A Three Strikes Policy?

Top point:

Three strikes sentencing, depending on how it is framed, could add very substantially to the size of the prison population and the associated cost. Even more limited schemes will increase the number of offenders in prison by around 40%.


Wikipedia describes the development of  "Three Strikes" laws in the United States, essentially mandating long prison sentences for persistent offenders, committing a third serious offence. The details vary from state to state, but are usually restricted to "felony" offences (broadly equivalent to indictable offences in England & Wales) and the third offence may also be restricted to one of violence.  Plainly such policies may be expected to increase the size of the prison population and the high rate of incarceration in the United States may, in part at least, be attributed to such sentencing.  A policy based on related thinking, the indeterminate public protection sentence, for high harm offenders, was introduced in 2003 in England & Wales, but has since been abolished - see here for background and analysis.  Such policies are likely to be motivated by two main objectives: to  deter offenders from adopting a criminal lifestyle, at least in respect of serious offences; and, to protect society from those who have demonstrated such persistent offending by committing a third serious offence.  

The simulation engine can be used to quantify the effect of such Three Strikes laws on the size of prison populations. The question whether such policies could meet their objectives or are in some way likely to be effective on broader grounds, is significantly more complex and will be considered here.

Scenarios

Two illustrative scenarios are analysed here:

A

1.  To be eligible for a Three Strike sentence an offender will have committed three indictable offences, the third of which will be sufficiently serious to have led to a prison sentence, however short

2. The Three Strike sentence  will comprise a fixed term of 10 years or the higher sentence that would otherwise apply to the third offence whichever is the greater.

3. The Third Strike sentence would be served as a normal determinate sentence, i.e. half would normally be served in custody and the other half under licence with community supervision.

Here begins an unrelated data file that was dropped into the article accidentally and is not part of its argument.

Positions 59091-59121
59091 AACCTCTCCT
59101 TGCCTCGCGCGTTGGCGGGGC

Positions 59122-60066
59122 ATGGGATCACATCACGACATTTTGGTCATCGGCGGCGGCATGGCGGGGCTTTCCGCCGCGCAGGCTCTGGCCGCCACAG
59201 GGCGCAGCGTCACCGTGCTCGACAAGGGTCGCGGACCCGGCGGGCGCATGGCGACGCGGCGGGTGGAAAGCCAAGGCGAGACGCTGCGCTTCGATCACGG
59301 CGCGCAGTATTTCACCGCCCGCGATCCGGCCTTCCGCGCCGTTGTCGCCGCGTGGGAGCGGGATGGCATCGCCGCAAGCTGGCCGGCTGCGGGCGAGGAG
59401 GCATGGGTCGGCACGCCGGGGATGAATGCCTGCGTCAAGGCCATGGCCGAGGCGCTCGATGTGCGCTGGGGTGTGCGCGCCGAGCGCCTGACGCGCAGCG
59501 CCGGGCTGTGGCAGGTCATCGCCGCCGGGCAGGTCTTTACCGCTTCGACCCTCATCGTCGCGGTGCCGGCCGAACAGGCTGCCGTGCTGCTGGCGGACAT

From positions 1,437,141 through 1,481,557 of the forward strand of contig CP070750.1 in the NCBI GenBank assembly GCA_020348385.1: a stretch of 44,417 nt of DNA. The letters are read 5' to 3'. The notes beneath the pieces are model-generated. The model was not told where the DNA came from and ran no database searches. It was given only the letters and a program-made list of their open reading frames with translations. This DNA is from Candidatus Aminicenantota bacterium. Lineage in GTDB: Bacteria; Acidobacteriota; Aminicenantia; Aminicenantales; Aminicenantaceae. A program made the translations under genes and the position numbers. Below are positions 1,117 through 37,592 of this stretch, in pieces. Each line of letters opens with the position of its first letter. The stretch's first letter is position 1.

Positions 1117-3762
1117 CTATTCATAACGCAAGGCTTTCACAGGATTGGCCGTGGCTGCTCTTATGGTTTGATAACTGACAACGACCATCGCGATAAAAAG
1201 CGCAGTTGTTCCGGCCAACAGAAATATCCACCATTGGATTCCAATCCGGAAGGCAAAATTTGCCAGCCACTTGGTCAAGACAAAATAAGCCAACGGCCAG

B

1.  To be eligible for a Three Strike sentence an offender will have committed three indictable offences, the third of which will be sufficiently serious to have led to a prison sentence, of 4 years or more

2. The Three Strike sentence  will comprise a fixed term of 20 years or the higher sentence that would otherwise apply to the third offence whichever is the greater.

3. The Third Strike sentence would be served as a normal determinate sentence, i.e. half would normally be served in custody and the other half under licence with community supervision.

The two scenarios explore the two ends of a broad spectrum of possibilities, though of course there will be many ways that such a sentencing scheme could be conceived.



Conclusions

Three Strikes laws can be expected to have a very significant impact on the size of prison populations and therefore the cost to the public purse. Of the two scenarios considered here, scenario A, a widely framed approach, would be likely to almost triple the size of the England & Wales prison system to 225,000.  The more limited scenario B restricted to more serious third offences attracting custodial sentences of 4 years or more,  would also impact very significantly growing the prison population to 115,000 by 2040.

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